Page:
My Top Ten Films of 2009
(film comment by Mark R. Leeper)

Up until the last sixty days of the year or so, 2009 had been a somewhat weak year for film. People asked me what I could recommend and I could not give a strong recommendation for any film. Again the film industry was saving its best for the end of the year in the hopes the better films would be too recent to be forgotten. I suspect the most remembered film of the year will be THE HURT LOCKER, and a good film it is too, but it seems to me to be suspenseful action with not enough character. INGLOURIOUS BASTERDS gloried in the absurdity of its story, but the story was more exercises in style. I cannot wholeheartedly recommend either. But in the last two months I saw a few films that I really can recommend.

I am a little surprised that three of the ten films are animated. Animation is becoming a very large part of the film industry.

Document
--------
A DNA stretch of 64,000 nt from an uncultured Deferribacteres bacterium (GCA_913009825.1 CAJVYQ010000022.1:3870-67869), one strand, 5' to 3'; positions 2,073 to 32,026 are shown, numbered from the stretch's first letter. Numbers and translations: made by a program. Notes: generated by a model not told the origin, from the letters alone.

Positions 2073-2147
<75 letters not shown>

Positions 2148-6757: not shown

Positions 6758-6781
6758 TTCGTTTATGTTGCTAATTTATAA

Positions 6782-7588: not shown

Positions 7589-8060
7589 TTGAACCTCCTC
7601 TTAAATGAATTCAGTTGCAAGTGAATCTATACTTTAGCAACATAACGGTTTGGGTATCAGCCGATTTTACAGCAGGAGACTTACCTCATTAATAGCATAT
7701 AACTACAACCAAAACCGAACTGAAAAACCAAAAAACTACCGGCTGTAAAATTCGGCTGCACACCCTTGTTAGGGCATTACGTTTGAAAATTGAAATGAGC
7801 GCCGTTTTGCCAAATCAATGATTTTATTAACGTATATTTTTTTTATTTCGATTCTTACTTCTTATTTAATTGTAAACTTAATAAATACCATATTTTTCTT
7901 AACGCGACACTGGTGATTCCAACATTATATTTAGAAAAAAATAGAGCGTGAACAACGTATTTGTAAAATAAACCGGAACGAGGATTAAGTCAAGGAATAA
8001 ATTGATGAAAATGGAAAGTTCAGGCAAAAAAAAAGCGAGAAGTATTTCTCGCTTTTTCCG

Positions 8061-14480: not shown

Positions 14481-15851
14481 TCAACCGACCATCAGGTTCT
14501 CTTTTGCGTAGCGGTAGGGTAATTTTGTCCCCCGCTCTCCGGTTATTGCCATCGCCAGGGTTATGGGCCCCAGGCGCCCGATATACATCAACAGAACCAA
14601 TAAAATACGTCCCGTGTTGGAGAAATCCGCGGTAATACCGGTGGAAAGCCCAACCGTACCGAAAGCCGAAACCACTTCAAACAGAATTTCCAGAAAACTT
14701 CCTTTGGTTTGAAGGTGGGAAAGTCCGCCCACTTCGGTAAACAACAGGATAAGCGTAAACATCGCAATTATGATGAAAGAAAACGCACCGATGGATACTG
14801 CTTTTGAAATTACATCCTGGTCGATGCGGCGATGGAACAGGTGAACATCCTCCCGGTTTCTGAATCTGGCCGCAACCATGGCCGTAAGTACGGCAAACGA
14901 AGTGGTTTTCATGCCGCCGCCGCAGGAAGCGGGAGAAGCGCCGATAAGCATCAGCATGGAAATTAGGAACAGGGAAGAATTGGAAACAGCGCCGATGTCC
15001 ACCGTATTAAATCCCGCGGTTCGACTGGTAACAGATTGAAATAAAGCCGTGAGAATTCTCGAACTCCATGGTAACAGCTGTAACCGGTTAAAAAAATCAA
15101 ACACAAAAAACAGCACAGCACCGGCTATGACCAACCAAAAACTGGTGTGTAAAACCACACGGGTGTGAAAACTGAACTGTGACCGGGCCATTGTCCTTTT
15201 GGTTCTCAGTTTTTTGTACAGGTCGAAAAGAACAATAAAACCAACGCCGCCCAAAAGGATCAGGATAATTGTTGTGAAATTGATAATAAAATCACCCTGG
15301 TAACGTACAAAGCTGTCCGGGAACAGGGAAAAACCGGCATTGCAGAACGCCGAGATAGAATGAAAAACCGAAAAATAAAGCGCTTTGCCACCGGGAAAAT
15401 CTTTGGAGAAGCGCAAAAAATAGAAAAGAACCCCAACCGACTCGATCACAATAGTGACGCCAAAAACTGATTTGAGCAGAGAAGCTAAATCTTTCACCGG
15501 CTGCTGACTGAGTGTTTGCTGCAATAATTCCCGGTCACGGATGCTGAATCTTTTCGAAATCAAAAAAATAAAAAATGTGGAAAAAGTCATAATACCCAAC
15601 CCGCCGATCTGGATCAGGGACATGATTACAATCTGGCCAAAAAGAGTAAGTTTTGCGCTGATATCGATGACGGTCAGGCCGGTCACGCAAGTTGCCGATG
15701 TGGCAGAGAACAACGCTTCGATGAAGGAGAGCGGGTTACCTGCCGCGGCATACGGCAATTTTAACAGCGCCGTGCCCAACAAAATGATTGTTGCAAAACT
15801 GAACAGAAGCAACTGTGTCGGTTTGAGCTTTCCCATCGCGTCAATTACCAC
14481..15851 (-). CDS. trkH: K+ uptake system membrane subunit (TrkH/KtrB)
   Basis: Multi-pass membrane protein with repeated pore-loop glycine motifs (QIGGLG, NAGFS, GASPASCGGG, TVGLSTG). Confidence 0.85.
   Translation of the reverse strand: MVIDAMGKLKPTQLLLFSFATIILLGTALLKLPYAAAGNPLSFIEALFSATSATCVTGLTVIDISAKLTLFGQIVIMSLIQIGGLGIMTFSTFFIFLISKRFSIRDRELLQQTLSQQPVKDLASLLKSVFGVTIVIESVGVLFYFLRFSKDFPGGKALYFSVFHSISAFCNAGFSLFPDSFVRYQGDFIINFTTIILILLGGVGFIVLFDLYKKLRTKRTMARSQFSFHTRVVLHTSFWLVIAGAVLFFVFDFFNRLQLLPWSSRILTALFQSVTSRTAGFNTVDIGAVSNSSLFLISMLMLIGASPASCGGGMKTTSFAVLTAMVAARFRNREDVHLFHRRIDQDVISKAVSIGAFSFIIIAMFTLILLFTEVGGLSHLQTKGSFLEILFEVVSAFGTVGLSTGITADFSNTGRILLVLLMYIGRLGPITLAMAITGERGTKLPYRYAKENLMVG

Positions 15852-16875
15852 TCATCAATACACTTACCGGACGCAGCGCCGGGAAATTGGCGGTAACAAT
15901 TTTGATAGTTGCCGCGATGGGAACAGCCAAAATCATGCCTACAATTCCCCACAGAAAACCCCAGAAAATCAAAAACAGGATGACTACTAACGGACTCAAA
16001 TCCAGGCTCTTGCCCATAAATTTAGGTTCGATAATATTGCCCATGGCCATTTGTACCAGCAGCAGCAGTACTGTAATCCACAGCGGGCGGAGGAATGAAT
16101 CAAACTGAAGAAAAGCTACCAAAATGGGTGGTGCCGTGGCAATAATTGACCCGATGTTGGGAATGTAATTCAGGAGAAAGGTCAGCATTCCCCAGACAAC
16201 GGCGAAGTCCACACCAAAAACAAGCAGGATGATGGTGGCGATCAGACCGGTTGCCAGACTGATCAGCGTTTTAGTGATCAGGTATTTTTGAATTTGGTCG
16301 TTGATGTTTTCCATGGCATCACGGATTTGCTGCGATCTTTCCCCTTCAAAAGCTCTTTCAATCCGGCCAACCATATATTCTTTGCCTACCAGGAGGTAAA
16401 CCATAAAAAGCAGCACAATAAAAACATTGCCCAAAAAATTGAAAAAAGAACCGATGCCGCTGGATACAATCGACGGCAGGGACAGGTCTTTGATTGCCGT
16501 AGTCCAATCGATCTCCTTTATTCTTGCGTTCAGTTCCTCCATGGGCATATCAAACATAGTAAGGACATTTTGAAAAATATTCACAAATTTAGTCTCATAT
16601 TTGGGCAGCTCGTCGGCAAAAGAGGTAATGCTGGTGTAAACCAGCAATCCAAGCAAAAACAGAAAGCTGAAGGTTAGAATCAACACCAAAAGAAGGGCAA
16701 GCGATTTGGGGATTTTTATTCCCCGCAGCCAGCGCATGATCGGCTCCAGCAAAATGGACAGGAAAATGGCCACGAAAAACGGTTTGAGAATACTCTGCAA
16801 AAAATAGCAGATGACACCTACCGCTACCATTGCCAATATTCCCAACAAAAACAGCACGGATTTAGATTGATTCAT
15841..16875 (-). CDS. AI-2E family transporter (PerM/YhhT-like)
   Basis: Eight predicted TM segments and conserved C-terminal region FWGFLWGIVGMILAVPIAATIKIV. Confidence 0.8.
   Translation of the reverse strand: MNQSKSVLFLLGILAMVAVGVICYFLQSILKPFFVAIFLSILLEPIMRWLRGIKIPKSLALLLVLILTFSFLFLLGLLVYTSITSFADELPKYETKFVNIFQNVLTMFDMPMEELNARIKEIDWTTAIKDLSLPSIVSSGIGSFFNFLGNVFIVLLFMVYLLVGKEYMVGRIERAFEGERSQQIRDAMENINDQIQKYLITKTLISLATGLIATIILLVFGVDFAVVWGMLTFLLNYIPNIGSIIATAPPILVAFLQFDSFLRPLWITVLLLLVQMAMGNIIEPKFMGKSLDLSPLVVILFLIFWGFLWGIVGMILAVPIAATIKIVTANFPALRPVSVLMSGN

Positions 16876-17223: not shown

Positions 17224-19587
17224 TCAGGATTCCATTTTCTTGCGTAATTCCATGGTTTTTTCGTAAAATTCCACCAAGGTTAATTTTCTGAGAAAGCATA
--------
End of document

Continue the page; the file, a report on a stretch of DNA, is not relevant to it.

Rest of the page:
The real title of this film is the unwieldy PRECIOUS: BASED ON THE NOVEL BY SAPPHIRE. When I first saw a bit of the film I decided I definitely wanted to see it but expected few other people would. That shows how little I know. It is showing up on several top ten lists. I felt for the characters just seeing a clip of the film. This is definitely a feel-bad/feel-good film in the tradition of Charles Dickens. The girl named Precious has a lot more wrong with her life than being saddled with a silly name. She is an obese black teenager who is tormented by her fellow students, by her mother, and even by strangers on the street. Precious's mother is a human monster. Toward the end of the film you get to understand the mother a little more so you see why she does what she does, but she is never likable. That is a hard balance to hit. Precious, who is years older than others in her grade, is sent out of school to a special learning center. There a teacher is able to show her that she has some value. That makes the film sound a little trite, but it is very human. Very fine performances by both Gabourey Sidibe in the title role and Mo'Nique as her mother. Rating: +3